State governments in Nigeria should get involved and push through investments in Distributed Renewable Energy (DRE) to electrify semi-urban and rural communities within their territories, experts at the Nigerian Office of the Power for All have suggested.
The experts – Ifoma Malo, who is the country head of the DRE advocacy agency, and Mark Amaza, lead, strategic communications and research at the agency, stated in a note exchanged with OGN that with the responsibility of providing electricity to Nigerians shared between the federal and state authorities, there was no longer any hindrance on the states setting up good condition for investments on DRE solutions either commercially or otherwise to flow into their territories.
“As power remains on the concurrent list of the Nigerian Constitution (meaning that both the federal and state governments are empowered to legislate on it), there is the need to engage with states to enable them develop DRE-specific policies, plans and incentives in order to attract DRE investments into their states,” said the experts in their note.
They explained that: “This is particularly a critical step in increasing rural electrification through the use of mini-grids, increasing the options of these governments beyond traditional grid extension which is not only more expensive, but is also the purview of the power distribution companies (Discos).”
According to the pair, Nigeria’s DRE market currently suffers from the challenge of insufficient consumer awareness. They noted that this has slowed down its market growth.
They further stated that in the course of executing their Scaling Off-Grid Energy (SOGE) project, they discovered that early DRE projects, particularly publicly-funded solar street lighting projects which were shoddily done by poorly-trained contractors with substandard components had formed the perception in the minds of a large percentage of potential consumers that renewable energy does not work.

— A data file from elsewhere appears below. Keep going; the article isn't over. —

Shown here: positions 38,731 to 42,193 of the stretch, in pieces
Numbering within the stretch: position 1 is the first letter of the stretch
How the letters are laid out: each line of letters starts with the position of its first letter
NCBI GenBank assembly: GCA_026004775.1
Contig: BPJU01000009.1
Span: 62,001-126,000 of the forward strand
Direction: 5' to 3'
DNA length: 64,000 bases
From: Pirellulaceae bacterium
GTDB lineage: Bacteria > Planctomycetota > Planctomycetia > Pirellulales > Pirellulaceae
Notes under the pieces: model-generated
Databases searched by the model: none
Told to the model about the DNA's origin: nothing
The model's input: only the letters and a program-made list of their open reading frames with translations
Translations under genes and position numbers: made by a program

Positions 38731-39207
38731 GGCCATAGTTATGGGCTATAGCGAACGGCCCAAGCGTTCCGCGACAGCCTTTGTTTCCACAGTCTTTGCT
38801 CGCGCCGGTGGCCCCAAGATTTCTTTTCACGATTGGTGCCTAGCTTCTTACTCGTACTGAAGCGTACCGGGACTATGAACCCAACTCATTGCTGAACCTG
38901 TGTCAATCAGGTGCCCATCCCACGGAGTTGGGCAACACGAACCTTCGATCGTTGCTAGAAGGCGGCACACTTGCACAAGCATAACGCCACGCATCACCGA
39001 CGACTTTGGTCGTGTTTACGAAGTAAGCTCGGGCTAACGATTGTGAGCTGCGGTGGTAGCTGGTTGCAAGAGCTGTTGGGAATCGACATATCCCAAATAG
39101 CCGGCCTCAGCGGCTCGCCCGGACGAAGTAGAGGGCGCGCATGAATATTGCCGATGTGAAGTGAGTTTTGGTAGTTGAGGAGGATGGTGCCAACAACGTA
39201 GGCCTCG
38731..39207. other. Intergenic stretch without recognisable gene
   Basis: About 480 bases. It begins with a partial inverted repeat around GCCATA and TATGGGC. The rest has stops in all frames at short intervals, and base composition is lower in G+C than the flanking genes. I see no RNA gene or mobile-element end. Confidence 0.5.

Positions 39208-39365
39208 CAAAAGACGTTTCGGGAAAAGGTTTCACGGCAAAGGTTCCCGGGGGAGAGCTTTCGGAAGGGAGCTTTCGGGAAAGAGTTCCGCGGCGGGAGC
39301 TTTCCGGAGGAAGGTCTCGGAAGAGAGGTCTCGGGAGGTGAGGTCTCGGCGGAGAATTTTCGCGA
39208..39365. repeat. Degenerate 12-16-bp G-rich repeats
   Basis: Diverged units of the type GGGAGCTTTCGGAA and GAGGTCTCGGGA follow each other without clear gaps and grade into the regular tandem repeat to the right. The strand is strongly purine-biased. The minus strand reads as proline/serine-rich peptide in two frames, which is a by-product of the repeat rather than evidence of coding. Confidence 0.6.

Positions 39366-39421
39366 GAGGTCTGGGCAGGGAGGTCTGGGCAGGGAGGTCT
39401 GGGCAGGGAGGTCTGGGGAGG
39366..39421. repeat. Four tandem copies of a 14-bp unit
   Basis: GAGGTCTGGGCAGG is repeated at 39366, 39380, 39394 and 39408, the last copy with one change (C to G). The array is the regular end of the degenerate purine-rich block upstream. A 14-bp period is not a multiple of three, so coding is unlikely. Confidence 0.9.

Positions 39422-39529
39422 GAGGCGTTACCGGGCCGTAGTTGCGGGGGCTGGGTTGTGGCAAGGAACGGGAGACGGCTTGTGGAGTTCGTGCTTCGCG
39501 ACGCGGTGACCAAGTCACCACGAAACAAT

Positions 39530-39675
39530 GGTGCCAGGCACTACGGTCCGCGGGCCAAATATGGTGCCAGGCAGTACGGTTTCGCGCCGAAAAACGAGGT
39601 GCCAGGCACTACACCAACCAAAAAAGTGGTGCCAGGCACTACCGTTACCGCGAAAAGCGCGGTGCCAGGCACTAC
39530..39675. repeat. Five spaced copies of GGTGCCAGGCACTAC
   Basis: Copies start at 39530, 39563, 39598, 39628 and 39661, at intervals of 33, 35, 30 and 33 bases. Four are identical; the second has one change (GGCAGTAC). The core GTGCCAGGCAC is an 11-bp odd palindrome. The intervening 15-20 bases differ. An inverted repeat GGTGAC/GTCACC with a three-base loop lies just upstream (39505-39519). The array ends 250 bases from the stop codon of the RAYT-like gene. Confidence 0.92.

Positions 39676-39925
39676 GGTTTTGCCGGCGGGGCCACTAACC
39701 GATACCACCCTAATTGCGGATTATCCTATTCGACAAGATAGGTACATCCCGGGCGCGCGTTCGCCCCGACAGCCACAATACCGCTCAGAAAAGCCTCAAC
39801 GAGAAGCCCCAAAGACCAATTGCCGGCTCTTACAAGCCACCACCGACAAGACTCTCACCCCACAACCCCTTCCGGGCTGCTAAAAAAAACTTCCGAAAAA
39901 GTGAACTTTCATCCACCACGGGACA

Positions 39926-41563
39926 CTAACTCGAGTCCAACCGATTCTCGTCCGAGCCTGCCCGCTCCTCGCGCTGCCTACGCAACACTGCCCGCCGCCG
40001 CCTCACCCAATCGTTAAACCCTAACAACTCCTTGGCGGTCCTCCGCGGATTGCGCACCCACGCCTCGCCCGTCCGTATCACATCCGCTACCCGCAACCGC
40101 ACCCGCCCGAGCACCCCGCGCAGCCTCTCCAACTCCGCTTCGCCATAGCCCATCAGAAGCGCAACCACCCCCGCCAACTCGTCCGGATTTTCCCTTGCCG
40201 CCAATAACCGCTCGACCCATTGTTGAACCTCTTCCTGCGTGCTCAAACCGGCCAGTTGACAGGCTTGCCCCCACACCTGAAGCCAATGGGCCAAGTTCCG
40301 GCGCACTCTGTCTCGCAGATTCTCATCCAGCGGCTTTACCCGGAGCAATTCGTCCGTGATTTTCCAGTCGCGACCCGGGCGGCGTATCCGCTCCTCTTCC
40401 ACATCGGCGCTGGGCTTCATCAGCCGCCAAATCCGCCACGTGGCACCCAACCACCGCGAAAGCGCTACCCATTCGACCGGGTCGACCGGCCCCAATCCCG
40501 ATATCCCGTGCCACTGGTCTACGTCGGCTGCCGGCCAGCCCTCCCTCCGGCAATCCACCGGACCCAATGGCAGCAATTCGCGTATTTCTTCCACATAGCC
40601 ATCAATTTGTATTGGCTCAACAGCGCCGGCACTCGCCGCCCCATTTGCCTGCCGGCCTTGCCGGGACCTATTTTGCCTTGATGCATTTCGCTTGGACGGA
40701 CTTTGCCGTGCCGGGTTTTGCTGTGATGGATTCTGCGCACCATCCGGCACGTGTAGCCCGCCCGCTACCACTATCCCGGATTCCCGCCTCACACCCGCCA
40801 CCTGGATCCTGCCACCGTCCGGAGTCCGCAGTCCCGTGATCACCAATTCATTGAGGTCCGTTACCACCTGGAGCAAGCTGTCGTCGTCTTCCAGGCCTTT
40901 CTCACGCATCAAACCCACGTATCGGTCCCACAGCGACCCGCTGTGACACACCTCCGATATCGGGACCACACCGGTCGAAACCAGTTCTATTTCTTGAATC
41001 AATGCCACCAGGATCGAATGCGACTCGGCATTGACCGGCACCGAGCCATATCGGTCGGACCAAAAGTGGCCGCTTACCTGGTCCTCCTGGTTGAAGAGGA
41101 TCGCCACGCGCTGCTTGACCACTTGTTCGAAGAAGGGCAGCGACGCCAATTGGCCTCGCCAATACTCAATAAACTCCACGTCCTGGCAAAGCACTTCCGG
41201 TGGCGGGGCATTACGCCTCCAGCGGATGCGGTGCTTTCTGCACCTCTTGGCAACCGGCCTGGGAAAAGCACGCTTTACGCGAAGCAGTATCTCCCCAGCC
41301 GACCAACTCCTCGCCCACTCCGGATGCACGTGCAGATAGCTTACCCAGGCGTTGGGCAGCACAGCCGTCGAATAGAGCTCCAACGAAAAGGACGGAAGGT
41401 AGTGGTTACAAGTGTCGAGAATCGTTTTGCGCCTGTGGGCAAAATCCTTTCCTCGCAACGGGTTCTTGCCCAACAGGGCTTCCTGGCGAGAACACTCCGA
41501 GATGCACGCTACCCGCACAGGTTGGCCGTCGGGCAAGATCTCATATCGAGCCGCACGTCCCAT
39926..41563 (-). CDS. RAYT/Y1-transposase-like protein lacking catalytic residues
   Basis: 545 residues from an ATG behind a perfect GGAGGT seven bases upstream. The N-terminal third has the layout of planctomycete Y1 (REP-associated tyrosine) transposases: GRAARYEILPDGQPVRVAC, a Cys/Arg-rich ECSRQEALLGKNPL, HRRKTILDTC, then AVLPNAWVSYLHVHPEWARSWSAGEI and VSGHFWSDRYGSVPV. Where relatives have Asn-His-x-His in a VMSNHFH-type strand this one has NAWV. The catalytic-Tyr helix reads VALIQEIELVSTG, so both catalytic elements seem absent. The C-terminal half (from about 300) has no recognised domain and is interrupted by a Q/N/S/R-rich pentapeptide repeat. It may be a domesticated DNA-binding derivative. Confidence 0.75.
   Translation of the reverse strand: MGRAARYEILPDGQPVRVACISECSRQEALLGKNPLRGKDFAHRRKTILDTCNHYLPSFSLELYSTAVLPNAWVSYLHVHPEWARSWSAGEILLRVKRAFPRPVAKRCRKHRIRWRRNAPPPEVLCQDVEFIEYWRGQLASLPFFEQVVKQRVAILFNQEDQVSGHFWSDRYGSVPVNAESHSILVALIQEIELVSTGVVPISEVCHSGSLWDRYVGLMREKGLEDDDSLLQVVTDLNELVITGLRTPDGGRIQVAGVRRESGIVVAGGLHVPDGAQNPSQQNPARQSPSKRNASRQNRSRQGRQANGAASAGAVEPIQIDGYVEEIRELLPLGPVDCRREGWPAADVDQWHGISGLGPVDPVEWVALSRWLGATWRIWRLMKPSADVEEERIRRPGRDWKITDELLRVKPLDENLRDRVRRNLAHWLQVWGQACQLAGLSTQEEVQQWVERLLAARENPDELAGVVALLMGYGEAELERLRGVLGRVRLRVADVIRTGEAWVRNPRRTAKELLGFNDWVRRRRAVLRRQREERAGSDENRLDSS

“This is added to the fact that there is an existing belief that these solutions are unaffordable, especially when compared with alternative energy sources from fossil fuels,” they added.
To turn things around in this regards, the experts stated: “There is a need to change that narrative by highlighting the successes of DRE solutions in Nigeria – this could be mini-grids, in remote, off-grid communities that are now enjoying 24/7 power; homes and businesses that use solar home systems (SHS) to power their needs; or rural and peri-urban homes that have replaced inefficient lighting sources such as kerosene lamps and candles with pico-solar and clean lighting solutions.”
Among these success stories that could change the narrative, they said, there was also the need to highlight the various business models that have increased affordability such as Pay-As-You-Go leasing; and Lease-To-Own, in order to make them aware that outright purchase is not the only way to afford these products.
Looking ahead, Malo and Amaza, stated that the Nigerian off-grid market will continue to remain an attractive one for investors as there is a huge demand for energy.
“This is encouraged by an overarching federal policy that is favourable to the growth of the DRE sector. An indication of how attractive the off-grid sector is, is the recent launch of the Nigeria chapter of the Africa Mini-Grids Association as the first trade association exclusively focused on the sub-sector.
“This launch was preceded by a workshop which brought together the mini-grid developers who are members of the association and key Original Equipment Manufacturers,” they stated.